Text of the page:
By Randall MellFebruary 25, 2018, 12:46 am

PALM BEACH GARDENS, Fla. – The winner may need a cut man in his corner more than he needs a caddie on his bag in Sunday’s finish to the Honda Classic.

Smelling salts might come in handy, too.

“It just feels like you are getting punched in the face every single hole here,” Daniel Berger said of the test PGA National’s Champion Course offers. “Every single shot is so hard.”

Final rounds have been especially rough and tumble since the Honda Classic moved to PGA National in 2007.

That usually makes Sundays here as much about who can figuratively take a punch as who can throw one.

Luke List will have his jaw tested after taking sole possession of the lead Saturday with a second consecutive round of 4-under-par 66, but he can take comfort in the fact that punishment is doled plentifully around here.

“Just realizing that everyone is facing the same obstacles out there is huge,” List said. “You're not alone out there, if you make a bogey or a bad swing here or there.”

At 7-under 203, List is one shot ahead of a pair of major championship winners, Justin Thomas (65) and Webb Simpson (66). He is two ahead of Tommy Fleetwood (67), the reigning European Tour Player of the Year, and Jamie Lovemark (68).

List, 33, is seeking his first PGA Tour title in his 104th start. He will have to hold off some heavyweights, including Tiger Woods (69), who is seven shots back but feeling like he has a chance again. Woods closed with a 62 here six years ago when he finished second to Rory McIlroy.

“You never know what can happen the last few holes here,” Woods said. “A lot of things can happen and have happened in the past.”

Amen.


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Crazy things have happened here.

Three years ago, Padraig Harrington was five shots down with eight holes to play and won. He made two double bogeys in the final round but ended up beating Berger in a playoff.

Berger, by the way, was nine shots back entering the final round.

That was the year Ian Poulter took a share of lead into Sunday, hit five balls in the water and still finished just a shot out of the playoff.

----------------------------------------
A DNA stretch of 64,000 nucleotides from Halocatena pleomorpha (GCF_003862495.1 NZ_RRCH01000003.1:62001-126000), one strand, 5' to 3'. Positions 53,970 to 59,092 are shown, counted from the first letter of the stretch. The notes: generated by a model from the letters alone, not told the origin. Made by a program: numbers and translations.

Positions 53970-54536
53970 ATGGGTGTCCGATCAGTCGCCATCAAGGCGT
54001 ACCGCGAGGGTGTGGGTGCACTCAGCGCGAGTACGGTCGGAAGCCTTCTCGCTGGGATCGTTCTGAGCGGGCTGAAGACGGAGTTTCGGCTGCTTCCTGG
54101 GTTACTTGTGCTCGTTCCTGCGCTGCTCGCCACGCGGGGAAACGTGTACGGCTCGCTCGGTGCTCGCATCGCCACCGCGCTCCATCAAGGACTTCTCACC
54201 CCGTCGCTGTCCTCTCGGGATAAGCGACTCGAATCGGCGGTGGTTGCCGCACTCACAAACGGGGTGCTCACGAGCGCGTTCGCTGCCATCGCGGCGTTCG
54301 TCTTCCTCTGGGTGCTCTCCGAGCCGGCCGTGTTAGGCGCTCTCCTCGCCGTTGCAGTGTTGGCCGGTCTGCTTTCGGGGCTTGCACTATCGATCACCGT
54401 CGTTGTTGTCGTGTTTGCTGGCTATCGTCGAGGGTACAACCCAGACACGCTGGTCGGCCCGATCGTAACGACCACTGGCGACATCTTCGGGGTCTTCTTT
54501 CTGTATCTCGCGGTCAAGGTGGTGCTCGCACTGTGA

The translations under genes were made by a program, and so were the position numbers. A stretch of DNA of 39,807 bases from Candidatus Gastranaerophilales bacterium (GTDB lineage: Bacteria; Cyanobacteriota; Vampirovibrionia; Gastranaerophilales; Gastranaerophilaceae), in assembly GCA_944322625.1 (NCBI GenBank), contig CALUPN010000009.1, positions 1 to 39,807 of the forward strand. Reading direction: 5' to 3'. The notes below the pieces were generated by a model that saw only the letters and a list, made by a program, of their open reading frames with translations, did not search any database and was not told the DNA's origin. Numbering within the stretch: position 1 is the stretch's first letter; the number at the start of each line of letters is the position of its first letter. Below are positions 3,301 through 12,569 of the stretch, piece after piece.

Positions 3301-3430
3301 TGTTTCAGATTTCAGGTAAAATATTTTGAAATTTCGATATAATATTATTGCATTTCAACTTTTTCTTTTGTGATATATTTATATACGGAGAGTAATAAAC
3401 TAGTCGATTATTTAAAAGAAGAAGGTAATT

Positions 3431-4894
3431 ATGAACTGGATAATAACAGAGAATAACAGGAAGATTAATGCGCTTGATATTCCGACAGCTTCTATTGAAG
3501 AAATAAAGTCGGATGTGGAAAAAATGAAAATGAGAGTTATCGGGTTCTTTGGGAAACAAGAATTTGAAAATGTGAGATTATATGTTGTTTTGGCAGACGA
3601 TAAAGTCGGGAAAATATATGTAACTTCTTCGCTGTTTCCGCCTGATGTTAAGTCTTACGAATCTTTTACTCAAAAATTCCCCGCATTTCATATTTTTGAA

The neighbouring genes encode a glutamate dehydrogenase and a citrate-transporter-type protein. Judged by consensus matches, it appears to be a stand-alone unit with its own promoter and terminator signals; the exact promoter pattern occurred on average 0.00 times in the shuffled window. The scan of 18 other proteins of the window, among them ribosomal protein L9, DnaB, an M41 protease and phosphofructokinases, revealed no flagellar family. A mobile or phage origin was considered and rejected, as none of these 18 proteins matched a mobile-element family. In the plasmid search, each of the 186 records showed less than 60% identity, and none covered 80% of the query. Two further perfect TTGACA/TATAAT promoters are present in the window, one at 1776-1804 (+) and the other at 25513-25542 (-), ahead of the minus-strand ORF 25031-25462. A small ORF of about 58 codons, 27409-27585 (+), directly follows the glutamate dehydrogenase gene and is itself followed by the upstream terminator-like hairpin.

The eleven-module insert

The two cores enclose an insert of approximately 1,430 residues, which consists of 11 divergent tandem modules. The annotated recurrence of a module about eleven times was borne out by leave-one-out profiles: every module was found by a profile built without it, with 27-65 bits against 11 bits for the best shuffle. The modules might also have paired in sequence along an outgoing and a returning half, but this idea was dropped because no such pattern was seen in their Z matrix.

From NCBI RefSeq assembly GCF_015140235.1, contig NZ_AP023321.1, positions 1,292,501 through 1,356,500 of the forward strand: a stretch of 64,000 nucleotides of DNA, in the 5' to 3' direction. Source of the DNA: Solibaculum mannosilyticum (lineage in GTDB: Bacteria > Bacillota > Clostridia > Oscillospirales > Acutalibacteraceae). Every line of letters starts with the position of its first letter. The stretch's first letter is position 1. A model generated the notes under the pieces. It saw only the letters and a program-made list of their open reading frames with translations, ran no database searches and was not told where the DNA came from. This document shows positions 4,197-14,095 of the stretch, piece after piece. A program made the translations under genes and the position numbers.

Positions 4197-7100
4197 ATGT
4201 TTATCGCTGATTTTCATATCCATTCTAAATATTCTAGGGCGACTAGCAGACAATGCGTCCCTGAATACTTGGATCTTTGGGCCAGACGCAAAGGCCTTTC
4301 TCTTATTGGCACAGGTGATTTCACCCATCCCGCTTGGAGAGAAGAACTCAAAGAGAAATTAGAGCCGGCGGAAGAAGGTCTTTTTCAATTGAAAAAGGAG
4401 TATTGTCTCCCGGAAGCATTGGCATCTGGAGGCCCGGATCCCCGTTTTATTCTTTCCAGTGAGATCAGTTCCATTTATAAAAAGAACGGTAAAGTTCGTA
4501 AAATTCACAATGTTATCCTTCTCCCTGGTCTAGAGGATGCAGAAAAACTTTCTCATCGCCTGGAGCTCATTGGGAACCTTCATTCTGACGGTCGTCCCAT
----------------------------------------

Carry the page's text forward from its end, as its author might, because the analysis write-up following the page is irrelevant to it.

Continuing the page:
Last year, Rickie Fowler made four bogeys and a double bogey in the final round and still won by four shots.

List will have a heavyweight playing alongside him in the final pairing, with 24-year-old Justin Thomas looking to claim his eighth PGA Tour title. Thomas was last season’s PGA Tour Player of the Year.

List has never held a 54-hole lead in a PGA Tour event.

“You guys build up certain players,” List said. “I know I'll be an underdog going against Justin Thomas and guys like that, which is fine.”

There is some inspiration for List in what Ted Potter Jr. did two weeks at the AT&T Pebble Beach Pro-Am. Potter, largely unknown even though he already had a PGA Tour title to his credit, held off stars Dustin Johnson, Phil Mickelson and Jason Day in the final round to win. 

Thomas earned the right to play alongside List in the final pairing Sunday with his 65, which equaled the low round of the tournament.

Thomas makes his home in nearby Jupiter and knows the punishment the Champion Course can dish out.

“It's a difficult course,” Thomas said. “If you let it get to you, it can be frustrating, but if you go into it understanding and realizing it's difficult, you just kind of embrace it and deal with it.”

Thomas played the Bear Trap’s trio of daunting holes (Nos. 15-17) in 2 under on Saturday. He birdied the 15th and 17th holes.

Fleetwood got in contention Saturday with a pair of eagles. He’s a four-time European Tour winner.

“I would love to get my first win on the PGA Tour this week,” he said. “It’s just great to be out here. It's great to be playing on courses like this that are such a test of every part of your game.”

Alex Noren, a nine-time European Tour winner, is also seeking his first PGA Tour title. He is three shots back. He lost in a playoff to Day at the Farmers Insurance Open last month.

Though this is just Noren’s second start at the Honda Classic, he knows how wildly momentum can swing on the Champion Course. He shot 65 Saturday after shooting 75 on Friday.

“I’m a few back, but anything can happen,” Noren said.

That’s the theme around here.

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Thomas: Winning hometown Honda would 'mean a lot'